Of the series-best nine races you won last year, which one resonated with you the most?
“I would say the first race back at Darlington, just to be able to have that something back in your life that was somewhat normal after you literally just had the rug yanked out from underneath you. It was, OK, you can’t race anymore, and you don’t know when you’re going to race again. Being able to go back to the racetrack and go back to victory lane and get back to work was pretty much a relief. I think that was true for pretty much everybody. It showed the world that you could put on an event and it really kind of set the tone for a ton of sports as they moved forward.”
You touched on it a little bit – how important was it to be able to come back to a racetrack and put on a show and provide some entertainment and enjoyment for people who desperately needed it?
“When you look at that particular race, everybody wanted to see what was happening. Everybody from Joe Girardi (former manager of the New York Yankees and current manager of the Philadelphia Phillies) – he was one of the people who texted me afterward, and he was really excited after the race and said that Major League Baseball was looking forward to seeing what happened and the process that went into it. They had some hope about getting back on the field. I know that a lot of folks at the White House were looking on and sent notes after the race saying, ‘You don’t know what that meant for our country and the sports world. To have something that wasn’t a Michael Jordan rerun or documentary that we could watch on TV that had something to do with sports that wasn’t a rerun from 1987 or this game from 1995.’ It was an actual live sports event that everybody could tune into and watch. It meant a lot, not only to the sports world, but to people who had been sitting at home for a long time that actually had something else to watch. It was an opportunity to showcase who we really are as a sport to people who may have never watched before.”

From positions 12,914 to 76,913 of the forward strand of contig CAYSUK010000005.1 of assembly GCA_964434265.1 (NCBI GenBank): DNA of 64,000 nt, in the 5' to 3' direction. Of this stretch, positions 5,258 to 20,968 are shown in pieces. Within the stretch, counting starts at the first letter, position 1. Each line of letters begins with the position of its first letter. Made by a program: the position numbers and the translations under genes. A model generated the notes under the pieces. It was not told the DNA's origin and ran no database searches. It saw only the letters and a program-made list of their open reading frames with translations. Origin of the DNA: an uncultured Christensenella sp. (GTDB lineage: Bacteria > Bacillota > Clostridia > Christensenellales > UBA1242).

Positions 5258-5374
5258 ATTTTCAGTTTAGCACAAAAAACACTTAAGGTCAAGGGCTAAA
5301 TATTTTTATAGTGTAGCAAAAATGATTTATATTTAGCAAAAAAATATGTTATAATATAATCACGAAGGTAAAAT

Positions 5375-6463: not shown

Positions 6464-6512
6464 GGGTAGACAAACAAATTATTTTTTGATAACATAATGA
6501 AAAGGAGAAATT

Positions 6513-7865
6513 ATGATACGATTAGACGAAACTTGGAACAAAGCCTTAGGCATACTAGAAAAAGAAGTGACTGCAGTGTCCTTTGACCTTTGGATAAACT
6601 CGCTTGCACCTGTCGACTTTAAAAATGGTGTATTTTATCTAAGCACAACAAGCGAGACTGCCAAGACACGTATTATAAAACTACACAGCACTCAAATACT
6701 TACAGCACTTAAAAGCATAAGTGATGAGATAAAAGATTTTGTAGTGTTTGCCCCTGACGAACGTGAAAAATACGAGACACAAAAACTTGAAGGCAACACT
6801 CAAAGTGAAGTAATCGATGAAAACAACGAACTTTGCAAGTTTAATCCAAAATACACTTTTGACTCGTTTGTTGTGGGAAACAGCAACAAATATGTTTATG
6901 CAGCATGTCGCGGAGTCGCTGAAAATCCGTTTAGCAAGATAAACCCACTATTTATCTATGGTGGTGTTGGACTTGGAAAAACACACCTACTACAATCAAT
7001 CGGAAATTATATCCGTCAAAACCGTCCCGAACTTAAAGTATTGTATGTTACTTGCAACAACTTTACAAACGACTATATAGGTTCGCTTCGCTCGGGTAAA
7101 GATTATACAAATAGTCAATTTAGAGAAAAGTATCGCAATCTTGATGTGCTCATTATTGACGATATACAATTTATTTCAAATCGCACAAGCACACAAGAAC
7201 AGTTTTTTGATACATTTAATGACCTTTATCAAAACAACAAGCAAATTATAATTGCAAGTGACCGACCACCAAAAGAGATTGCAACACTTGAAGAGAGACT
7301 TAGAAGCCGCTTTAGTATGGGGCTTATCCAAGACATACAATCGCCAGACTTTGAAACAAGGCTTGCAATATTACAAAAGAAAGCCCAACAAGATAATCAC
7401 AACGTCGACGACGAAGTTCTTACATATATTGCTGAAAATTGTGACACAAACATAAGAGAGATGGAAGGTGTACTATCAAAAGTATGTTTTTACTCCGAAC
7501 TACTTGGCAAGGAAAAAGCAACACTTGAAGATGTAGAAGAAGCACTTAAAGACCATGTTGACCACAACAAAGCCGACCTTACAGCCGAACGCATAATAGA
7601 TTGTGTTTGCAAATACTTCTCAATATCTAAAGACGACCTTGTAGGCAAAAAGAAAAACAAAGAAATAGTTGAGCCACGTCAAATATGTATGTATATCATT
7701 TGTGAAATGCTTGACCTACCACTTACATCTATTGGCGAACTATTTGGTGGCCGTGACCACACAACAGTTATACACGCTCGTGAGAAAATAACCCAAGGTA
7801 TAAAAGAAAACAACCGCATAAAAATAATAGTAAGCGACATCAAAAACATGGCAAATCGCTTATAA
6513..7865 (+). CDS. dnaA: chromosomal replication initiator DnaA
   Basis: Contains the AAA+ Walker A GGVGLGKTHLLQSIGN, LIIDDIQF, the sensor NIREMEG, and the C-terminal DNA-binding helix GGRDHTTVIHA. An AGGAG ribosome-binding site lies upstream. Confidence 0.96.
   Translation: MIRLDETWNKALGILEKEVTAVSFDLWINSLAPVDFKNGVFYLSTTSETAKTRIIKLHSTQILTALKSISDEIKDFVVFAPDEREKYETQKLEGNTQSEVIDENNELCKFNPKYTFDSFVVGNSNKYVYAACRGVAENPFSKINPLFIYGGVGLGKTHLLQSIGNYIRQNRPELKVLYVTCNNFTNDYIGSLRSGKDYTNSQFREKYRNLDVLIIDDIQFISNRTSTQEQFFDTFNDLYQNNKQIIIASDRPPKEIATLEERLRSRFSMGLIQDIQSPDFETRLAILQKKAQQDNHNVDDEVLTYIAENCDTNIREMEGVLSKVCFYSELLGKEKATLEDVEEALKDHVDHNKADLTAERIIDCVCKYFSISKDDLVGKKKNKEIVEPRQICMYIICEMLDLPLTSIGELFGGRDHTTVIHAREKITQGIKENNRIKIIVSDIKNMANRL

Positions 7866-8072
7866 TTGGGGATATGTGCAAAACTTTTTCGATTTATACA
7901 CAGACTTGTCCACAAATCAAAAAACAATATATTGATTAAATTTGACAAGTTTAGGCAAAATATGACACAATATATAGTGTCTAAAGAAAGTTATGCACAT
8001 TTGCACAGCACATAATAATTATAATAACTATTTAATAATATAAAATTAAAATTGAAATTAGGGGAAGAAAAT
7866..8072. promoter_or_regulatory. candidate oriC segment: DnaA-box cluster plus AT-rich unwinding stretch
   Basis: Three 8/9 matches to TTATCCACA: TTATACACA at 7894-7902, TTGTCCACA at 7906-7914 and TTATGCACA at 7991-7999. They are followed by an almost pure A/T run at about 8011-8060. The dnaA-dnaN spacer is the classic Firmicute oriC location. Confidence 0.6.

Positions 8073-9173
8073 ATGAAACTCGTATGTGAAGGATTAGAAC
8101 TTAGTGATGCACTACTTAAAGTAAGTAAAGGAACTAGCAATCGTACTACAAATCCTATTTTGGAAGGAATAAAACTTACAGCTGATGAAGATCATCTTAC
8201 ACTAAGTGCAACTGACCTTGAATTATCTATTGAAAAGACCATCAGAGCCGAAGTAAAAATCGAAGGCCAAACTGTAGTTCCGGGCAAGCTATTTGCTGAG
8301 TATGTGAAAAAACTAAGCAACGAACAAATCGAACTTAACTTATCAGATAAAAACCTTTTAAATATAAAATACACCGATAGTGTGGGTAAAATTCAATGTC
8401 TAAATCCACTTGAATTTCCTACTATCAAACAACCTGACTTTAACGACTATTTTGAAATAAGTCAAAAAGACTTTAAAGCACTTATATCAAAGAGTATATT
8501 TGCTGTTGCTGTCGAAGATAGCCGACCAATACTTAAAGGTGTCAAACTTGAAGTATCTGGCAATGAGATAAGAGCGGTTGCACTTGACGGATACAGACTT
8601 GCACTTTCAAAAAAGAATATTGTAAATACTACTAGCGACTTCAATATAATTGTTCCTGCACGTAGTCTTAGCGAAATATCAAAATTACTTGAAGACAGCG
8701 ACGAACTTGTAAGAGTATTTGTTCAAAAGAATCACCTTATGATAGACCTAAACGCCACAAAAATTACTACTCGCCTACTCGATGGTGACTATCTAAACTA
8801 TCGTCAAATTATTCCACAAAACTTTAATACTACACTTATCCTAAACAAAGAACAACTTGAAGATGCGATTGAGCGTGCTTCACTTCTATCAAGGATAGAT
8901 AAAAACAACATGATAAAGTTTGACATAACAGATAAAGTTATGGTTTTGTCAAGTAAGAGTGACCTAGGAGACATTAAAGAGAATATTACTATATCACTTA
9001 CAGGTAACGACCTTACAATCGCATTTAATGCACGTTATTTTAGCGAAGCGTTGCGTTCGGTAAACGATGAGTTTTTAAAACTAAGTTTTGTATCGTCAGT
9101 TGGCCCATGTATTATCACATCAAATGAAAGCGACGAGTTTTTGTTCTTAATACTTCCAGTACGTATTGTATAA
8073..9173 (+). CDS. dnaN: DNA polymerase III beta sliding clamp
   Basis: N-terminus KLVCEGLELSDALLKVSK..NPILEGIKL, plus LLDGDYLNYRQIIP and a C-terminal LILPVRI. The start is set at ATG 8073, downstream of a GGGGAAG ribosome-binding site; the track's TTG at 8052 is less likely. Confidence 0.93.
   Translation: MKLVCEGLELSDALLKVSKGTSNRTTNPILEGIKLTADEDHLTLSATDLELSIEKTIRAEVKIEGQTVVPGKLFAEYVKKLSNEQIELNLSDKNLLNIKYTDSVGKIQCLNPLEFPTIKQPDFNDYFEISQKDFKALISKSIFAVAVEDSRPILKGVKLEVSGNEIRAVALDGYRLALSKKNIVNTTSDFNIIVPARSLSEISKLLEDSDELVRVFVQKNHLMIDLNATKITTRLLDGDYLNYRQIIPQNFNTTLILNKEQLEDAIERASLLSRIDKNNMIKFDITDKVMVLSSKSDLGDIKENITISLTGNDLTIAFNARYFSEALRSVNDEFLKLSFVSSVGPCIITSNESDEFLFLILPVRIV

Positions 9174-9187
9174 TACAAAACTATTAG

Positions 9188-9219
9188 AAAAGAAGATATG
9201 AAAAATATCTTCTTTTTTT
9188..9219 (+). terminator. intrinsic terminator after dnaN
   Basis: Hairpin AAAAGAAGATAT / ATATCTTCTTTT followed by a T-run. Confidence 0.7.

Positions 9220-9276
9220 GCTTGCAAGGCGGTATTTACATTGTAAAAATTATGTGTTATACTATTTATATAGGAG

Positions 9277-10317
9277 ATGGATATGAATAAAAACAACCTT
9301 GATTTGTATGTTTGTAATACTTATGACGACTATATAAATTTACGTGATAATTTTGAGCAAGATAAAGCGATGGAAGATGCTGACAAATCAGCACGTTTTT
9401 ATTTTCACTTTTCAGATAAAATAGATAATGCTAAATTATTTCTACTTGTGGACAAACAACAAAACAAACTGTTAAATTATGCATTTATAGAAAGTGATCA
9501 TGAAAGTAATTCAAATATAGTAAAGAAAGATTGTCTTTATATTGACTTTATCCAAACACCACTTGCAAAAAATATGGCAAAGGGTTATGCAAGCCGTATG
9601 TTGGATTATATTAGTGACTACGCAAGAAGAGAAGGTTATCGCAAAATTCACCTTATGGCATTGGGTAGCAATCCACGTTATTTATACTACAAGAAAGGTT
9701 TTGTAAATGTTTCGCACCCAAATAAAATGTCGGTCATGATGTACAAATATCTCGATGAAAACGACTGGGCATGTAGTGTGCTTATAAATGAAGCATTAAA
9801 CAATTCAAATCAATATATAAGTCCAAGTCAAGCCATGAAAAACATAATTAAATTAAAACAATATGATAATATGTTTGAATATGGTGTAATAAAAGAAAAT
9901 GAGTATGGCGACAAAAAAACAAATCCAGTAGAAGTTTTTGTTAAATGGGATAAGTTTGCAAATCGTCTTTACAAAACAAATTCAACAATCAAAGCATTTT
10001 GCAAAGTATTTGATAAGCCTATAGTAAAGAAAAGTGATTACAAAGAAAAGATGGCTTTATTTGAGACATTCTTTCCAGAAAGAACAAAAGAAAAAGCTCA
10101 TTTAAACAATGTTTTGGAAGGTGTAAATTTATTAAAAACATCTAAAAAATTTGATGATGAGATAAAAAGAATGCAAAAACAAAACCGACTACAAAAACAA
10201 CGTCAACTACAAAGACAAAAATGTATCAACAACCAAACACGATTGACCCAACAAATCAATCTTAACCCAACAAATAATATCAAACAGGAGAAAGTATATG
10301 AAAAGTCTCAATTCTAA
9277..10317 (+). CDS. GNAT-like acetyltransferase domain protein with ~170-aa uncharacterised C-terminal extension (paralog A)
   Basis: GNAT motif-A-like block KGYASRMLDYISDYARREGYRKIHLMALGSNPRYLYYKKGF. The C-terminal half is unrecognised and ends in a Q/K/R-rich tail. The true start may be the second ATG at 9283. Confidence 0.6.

You had a strong start to last season. Four top-10s in the season’s first four races. You finished second in the fourth race at Phoenix and then COVID-19 shut the sport down for 10 weeks. How were you able to pick up right where you left off?
“There’s a lot to be learned from that break, right? I think as you went to approach things, there were two ways to approach it. You could go, ‘Man, this sucks’ or ‘Man, I could get better.’ I think once we got through the first couple of weeks, the mentality of the whole situation was, ‘How could we get better?’ and I felt like when I got back in the racecar, I was better than I was when I got out of it originally in week four. So, I think our team and our company at Stewart-Haas Racing kind of took that same approach and it took a couple of weeks, but it was OK. We knew we were going to have a race season. It was a matter of how are we going to capitalize on this to be better than everyone else because of the situation? I think 2020 forever changed the sport and it definitely changed the way that I approach things, the way that I think about things, the way that our company thinks about things, the way the schedule looks, how many days we go to the racetrack. I mean, there’s just an endless amount of things that had to be done and that we had to try within our industry that will forever cement themselves in some way, shape or form in how we go forward.”
You have three wins at Darlington and 782 laps led in 26 career starts. How satisfying it to have that kind of success at a track that’s so notoriously difficult its nickname is “The Track Too Tough To Tame”?
“It’s been a lot of fun to have been able to win there a few times now. As you look at the last race there, winning the Southern 500 and being able to go back to victory lane and celebrate in front of some fans was different from the first time of dead silence. Darlington is one of those historic racetracks that everybody loves going to because of the fact that it’s forever tied to the guys that used to race there with the same shape of the racetrack. It may be a different surface, but it’s the same racetrack that they raced on in the 1950s. It’s a unique place to go race and a place that has so much history in our sport.”
Is there a particular key to your success at Darlington?
“Yeah, don’t hit the wall!”